It is very possible for an engine backfire to cause a fire to start
IF there is fuel for the fire. Your mower could have caught fire
due to a backfire if: (1) It already had a gasoline leak when you
loaned it to the neighbor, or (2) the neighbor could possibly have
caused a gasoline leak, or (3) the neighbor spilled gasoline from
the storage can while the engine was running, or (4) the neighbor
spilled gasoline from the storage can while filling the tank and
then started the mower again before cleaning the spill or waiting
for it to evaporate, or (5) the neighbor tipped the mower sideways
to access the blade area and spilled gasoline from the gas tank.
If a 15 year-old was operating the mower, then (3) or (4) or (5) is
extremely possible and it would also be extremely probable that
the boy wouldn't admit to it. A boy in our neighborhood destroyed
a mower by error (5) - he stopped the mower, tipped it on its
side to clear some damp clippings, started the mower again, and
watched the mower catch fire.
Who pays to replace your mower? Conventional "good old boy"
guidelines say that if it broke while somebody borrows it, then
the borrower repairs it or replaces it.
I'm not that rigid on tools that I loan out. If I feel that the damage
was not the fault of the borrower, then I feel that he has no obligation
to repair or replace. If I know that my mower leaks gasoline and
tends to backfire and I loan it to you, then I'd say that a fire was
bound to happen sometime soon. Likewise, if you borrow my car
and the fuel pump or the starter fails, you aren't at fault since that
part was due to fail. If you borrow my mower and the throttle control
cable breaks, I would refuse to accept payment for that part which
died of old age.
On the other hand: If the damage occurred because the item was
loaned out, then the borrower should offer to make restitution by
either repairing the item, replacing the item with one equal to or
better than the borrowed item, or pay me a fair replacement price.
If you borrow my car and you dent it, or it is dented by somebody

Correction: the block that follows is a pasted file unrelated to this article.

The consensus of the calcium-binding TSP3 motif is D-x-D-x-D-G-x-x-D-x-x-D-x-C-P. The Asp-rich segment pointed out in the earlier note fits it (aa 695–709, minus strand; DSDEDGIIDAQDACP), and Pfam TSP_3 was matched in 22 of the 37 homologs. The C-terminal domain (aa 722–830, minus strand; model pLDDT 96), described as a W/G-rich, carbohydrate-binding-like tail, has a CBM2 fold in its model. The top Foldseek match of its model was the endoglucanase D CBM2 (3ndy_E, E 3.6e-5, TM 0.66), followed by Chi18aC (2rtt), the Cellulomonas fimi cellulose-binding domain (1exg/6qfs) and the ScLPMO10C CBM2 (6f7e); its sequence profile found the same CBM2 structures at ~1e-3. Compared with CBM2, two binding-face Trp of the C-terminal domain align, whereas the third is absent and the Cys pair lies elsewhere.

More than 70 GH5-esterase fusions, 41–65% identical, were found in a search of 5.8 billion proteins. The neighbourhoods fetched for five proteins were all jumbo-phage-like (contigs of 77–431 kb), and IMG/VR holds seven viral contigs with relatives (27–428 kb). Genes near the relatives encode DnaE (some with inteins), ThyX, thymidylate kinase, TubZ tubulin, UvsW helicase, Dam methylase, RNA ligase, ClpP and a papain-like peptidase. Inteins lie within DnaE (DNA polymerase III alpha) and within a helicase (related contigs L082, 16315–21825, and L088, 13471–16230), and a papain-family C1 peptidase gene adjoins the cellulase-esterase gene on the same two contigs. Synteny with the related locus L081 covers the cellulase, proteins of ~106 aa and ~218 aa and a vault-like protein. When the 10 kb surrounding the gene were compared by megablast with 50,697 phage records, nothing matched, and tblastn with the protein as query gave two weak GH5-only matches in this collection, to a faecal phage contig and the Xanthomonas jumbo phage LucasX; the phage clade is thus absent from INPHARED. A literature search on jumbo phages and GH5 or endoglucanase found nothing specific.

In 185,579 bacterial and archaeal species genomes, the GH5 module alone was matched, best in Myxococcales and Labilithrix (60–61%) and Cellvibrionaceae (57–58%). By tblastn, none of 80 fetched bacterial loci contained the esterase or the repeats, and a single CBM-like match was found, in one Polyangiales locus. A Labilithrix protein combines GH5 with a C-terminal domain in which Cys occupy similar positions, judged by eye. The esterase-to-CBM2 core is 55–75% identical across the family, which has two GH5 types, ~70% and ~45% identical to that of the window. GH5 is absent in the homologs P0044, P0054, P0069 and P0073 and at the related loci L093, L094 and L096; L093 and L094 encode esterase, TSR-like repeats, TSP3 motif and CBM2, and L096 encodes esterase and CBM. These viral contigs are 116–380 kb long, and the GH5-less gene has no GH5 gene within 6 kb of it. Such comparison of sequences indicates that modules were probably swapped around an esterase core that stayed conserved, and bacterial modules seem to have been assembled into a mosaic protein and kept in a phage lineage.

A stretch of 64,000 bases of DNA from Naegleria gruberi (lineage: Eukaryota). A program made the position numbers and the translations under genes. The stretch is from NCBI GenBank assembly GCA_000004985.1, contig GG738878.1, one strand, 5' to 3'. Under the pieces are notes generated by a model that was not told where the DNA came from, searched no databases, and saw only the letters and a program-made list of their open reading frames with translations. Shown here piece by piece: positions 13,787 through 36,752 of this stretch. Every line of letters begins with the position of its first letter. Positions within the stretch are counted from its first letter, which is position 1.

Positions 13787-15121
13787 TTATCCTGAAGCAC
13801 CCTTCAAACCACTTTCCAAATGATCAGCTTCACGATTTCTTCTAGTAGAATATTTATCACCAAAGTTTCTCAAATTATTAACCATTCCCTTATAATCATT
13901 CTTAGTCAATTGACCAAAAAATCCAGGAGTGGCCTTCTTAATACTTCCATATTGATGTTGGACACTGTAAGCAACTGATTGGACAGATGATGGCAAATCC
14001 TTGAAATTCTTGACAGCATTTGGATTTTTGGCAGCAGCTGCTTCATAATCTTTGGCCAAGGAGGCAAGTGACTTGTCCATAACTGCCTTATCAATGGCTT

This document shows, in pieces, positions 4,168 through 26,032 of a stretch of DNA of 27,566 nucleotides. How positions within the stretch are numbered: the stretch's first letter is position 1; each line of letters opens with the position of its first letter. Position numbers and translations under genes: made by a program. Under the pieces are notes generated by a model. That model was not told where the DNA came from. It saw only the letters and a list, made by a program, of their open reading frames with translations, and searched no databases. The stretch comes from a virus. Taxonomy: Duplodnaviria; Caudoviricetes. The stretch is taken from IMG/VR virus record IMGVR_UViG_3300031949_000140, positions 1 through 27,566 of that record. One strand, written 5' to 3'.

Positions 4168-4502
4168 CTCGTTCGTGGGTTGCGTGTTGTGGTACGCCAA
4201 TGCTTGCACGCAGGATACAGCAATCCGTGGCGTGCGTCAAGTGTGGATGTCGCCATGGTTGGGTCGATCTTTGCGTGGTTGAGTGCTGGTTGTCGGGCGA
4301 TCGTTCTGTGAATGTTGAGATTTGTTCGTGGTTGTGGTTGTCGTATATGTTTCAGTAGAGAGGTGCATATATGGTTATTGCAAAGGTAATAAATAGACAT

else while you are using it, or you hit a curb and cause a tire
sidewall failure then you pay. If you borrow my mower and pinch
the throttle cable by folding the handle improperly, then I expect
you to take care of the repair. I'd expect you to offer to repair it
that day or deliver it to a repair shop that day.
(Actually, I'd be happy if you went out and purchased the part
immediately and the two of us replaced the cable in my garage
If I were your neighbor, I'd offer to replace the mower, possibly
with a $50 copay on your part since the mower was 3 years old.
If you hesitated even slightly about paying a $50 share of the
cost of replacement, then I would not hesitate to pay the entire
amount. Without evidence to the contrary, I must assume that
my 15 year-old son is at fault. How many 15 year-old boys
take warnings seriously or admit to big mistakes willingly?
FYI - I have offended several friends by refusing to loan them
one of my lawnmowers. In fact, I generally will not loan any tool
with a cutting edge - for both liability reasons and for tool damage
reasons. For some of my moron friends, neighbors and relatives,
I won't even loan them a screwdriver.
I assume that you are trying to determine who pays for a new
mower. You didn't mention anything about your neighbor or his
son offering to buy you a new mower, so you've already got a
problem on your hands.
m Ransley wrote
My neighbor borrowed my 3 yr old Cub Cadet walk behind 6.5hp with
Kawasaki engine. It caught fire while they were cutting the grass and
has been junked , it is gone to the dump. My neighbor said it backfired
then they left it and it burned. The kid cutting it was 15 and I figure
he put gas in it while hot and it splled catching fire. But a different
neighbor heard it backfire . I know a backfire can cause a flame out
the carburator possibly causing a fire. But my question is this possible
for a good mower to catch fire from a backfire , or is the only logical
explanation is he was refilling the mower while hot and caused the fire.
Im just curious and have googled for 'Lawnmower fires" and find nothing
showing a possible defect to cause a fire.